By Small Talk Speech Pathology

Thursday, 2 August 2012

Don't Let Your Preschooler Forget How to Play - by Janet Lansbury

As hard as it is to believe, there are children as young as 4 or 5 already showing signs of stress and burn-out because parents and teachers are misinformed about their educational needs.  Some have even been mis-educated to the extent that they’ve forgotten how to play.
Janet Lansbury investigates this concerning trend in this article on her blog Elevating Child Care

Ideas to encourage imaginative play:
  • A dress-up box. No matter what sex your child is, try to provide clothing and props (handbags, pirate patches, veils, jewellery, light sabre) that will cover the needs of both sexes. Who are you to judge if your daughter wants to be Darth Vadar?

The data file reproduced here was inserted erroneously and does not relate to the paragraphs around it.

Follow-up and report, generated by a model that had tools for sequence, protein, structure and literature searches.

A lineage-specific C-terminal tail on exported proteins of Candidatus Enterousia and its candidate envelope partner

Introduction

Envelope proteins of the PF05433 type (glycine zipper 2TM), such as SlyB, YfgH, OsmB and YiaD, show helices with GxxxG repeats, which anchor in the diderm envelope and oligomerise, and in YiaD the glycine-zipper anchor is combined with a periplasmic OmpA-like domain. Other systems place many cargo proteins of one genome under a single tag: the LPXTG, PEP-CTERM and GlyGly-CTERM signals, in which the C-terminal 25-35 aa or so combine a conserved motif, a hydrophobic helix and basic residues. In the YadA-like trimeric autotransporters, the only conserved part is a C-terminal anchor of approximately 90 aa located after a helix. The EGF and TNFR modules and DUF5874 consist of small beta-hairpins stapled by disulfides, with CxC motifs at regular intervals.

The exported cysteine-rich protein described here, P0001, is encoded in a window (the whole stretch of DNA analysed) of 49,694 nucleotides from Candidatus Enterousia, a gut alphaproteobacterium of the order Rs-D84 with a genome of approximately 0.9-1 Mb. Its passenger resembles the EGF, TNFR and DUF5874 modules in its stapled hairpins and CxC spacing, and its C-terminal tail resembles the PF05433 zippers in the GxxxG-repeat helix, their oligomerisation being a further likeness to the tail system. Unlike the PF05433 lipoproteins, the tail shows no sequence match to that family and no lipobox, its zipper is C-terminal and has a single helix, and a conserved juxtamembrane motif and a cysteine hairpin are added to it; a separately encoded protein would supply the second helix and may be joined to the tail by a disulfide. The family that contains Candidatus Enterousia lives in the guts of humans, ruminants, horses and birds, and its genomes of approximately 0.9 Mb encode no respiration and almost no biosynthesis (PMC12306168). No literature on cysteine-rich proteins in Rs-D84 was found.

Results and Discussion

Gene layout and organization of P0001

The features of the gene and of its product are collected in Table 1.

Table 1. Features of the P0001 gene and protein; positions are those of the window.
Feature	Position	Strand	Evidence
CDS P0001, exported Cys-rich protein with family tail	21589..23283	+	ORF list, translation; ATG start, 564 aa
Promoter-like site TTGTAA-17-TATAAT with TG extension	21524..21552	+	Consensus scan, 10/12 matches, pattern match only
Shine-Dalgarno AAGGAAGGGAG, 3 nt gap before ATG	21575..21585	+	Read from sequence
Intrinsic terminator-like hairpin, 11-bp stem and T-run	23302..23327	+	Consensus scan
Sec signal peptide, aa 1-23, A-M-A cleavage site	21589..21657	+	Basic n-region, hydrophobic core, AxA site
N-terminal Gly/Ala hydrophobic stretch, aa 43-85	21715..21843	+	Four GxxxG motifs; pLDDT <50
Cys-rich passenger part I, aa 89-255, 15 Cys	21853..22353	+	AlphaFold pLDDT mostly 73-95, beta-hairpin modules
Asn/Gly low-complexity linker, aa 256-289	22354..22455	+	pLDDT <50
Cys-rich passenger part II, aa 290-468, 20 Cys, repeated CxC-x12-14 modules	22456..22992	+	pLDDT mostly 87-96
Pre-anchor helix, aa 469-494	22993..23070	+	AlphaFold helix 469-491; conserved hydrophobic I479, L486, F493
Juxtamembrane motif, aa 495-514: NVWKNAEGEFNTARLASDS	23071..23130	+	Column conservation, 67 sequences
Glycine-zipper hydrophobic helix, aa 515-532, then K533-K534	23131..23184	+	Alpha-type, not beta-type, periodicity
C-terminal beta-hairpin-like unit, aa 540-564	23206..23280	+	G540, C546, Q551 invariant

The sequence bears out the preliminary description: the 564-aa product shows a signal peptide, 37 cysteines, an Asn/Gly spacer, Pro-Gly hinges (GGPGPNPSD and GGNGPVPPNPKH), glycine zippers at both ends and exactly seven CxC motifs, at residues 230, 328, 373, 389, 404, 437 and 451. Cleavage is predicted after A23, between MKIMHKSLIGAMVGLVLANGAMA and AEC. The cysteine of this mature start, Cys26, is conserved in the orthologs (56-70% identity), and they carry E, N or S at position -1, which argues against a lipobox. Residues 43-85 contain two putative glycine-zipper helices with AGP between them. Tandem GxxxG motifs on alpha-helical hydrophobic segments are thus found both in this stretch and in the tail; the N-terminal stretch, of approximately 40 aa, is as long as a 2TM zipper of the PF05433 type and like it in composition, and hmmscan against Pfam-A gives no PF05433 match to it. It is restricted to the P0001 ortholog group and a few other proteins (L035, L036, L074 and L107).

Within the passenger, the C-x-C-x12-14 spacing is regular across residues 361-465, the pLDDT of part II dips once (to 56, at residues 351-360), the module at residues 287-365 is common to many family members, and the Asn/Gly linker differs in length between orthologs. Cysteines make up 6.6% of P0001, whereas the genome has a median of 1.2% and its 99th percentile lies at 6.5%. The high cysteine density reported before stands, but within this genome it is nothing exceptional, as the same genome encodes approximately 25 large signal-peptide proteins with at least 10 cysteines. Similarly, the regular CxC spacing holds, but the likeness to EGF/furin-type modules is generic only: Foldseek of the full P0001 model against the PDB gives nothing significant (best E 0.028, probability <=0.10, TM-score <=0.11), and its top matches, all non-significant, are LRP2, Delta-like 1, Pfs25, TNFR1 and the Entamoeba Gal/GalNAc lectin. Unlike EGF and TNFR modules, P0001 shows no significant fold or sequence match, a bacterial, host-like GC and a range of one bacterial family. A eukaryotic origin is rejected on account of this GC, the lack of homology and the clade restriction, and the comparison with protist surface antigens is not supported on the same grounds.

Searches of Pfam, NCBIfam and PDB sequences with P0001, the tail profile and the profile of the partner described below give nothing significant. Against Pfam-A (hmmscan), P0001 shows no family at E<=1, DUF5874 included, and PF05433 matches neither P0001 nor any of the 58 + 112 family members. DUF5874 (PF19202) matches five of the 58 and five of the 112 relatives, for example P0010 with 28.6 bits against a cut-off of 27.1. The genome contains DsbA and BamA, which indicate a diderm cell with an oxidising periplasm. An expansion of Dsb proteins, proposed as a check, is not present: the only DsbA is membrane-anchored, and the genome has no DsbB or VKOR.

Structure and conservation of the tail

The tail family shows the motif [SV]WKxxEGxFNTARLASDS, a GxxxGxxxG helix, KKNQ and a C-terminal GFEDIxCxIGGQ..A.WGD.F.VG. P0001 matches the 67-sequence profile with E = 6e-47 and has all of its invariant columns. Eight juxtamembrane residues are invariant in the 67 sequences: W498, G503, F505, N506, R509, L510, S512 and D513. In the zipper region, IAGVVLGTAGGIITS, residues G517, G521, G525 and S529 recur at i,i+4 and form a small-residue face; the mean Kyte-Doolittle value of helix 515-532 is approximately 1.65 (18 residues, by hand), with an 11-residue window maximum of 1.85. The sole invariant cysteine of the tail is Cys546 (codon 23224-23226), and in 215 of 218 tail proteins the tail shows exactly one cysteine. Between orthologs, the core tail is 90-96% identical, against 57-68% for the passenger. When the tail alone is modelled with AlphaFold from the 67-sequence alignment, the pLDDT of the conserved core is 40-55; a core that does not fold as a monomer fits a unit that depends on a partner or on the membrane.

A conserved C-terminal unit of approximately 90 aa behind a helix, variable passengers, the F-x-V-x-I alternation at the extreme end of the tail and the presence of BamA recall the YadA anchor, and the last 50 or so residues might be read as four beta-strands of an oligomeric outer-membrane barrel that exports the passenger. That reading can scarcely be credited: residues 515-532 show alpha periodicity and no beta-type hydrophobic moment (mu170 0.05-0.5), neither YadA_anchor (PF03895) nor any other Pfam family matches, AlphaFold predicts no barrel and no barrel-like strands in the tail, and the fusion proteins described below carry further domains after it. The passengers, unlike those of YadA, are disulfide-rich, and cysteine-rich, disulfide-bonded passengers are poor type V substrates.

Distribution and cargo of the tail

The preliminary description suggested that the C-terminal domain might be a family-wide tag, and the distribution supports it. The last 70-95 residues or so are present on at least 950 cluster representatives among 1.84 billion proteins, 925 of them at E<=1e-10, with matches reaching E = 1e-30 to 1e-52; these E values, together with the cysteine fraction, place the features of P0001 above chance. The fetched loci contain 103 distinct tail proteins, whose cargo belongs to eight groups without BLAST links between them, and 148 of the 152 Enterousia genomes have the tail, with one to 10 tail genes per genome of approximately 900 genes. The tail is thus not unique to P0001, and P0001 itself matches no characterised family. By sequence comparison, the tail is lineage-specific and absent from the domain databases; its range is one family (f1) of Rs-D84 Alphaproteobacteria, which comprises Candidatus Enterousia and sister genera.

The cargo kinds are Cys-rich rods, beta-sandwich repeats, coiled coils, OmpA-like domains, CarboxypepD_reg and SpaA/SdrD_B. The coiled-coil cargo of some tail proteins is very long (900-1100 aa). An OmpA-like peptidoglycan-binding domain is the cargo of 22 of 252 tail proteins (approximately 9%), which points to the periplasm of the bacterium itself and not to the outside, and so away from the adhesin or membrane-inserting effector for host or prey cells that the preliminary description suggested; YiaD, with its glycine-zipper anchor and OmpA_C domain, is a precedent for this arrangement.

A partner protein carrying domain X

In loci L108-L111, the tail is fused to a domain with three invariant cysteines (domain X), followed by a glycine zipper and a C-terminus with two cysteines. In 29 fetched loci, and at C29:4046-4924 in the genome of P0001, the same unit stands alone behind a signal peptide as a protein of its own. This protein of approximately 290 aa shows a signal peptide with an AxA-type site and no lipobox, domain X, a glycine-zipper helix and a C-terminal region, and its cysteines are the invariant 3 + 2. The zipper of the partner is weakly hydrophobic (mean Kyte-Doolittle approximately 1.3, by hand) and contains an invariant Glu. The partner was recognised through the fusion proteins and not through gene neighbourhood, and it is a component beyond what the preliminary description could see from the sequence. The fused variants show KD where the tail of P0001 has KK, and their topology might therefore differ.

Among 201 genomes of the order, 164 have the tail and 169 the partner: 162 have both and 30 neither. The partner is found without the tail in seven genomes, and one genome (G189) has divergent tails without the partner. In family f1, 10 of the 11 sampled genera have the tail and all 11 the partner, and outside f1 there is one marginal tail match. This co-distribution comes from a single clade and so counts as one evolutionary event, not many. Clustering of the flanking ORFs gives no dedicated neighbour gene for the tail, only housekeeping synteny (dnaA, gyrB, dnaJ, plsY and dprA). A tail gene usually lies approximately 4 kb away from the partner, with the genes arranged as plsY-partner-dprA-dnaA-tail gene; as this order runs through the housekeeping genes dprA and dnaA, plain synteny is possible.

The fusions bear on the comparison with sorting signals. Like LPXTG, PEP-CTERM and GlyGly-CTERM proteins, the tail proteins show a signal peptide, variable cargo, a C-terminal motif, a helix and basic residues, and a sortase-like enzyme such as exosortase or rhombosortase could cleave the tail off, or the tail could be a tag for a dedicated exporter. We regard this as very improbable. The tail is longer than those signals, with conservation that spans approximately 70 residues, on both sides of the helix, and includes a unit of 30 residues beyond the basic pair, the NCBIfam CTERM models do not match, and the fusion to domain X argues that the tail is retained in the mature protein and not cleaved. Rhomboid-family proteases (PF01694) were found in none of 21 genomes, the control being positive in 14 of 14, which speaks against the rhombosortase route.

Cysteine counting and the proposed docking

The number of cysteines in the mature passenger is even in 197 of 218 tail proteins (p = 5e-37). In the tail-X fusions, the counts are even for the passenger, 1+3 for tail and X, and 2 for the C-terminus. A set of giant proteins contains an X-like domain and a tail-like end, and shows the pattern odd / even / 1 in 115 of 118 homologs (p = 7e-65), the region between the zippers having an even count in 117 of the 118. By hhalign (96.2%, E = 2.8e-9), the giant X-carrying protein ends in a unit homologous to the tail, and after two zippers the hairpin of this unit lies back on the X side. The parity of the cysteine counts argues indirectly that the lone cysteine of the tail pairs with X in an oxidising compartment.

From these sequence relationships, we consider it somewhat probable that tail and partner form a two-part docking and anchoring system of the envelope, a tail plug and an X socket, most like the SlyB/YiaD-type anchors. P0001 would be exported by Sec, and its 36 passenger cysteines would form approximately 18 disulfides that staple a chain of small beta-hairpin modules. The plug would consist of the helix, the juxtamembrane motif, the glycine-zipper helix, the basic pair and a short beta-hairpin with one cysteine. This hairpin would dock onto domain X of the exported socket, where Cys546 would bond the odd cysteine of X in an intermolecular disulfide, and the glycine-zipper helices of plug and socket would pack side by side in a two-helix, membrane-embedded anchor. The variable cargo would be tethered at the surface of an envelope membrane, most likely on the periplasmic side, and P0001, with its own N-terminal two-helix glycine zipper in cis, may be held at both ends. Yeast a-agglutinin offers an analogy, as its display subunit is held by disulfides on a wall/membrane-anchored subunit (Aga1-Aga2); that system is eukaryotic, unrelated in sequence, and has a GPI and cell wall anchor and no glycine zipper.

• A recycling box. If you have a stash of empty containers, cereal boxes and milk cartons, your preschooler will be able to turn the lot into a supermarket, or a robot, a space-ship, or Darth Vadar… the list is endless.
  • Paper, pencils, crayons, glue. These are all must-have items for making a stop sign, playing schools, making a pet mouse, or a pirate hat.
  • Second-hand kitchen utensils. Every make-believe house should have them! How can you cook an imaginary cake for your imaginary husband without a wooden spoon?
  • Building blocks. What can't you make with building blocks?
  • A secret spot. Clearly, if you know about the secret spot then it's hardly a secret; but a quiet spot tucked out of the way - behind the sofa, under the kitchen table, a hidey-hole in a garden bush, down the side passage - will allow her to conjure up her own magnificent world without you barging in and ruining her illusion.
  • Dolls House. Add small boxes of fabric to the dolls house so your child can create new clothes or furniture
  • Playdough. Add interesting items to your playdough materials e.g. dried pasta, stone, sticks, gumnuts or matchsticks 

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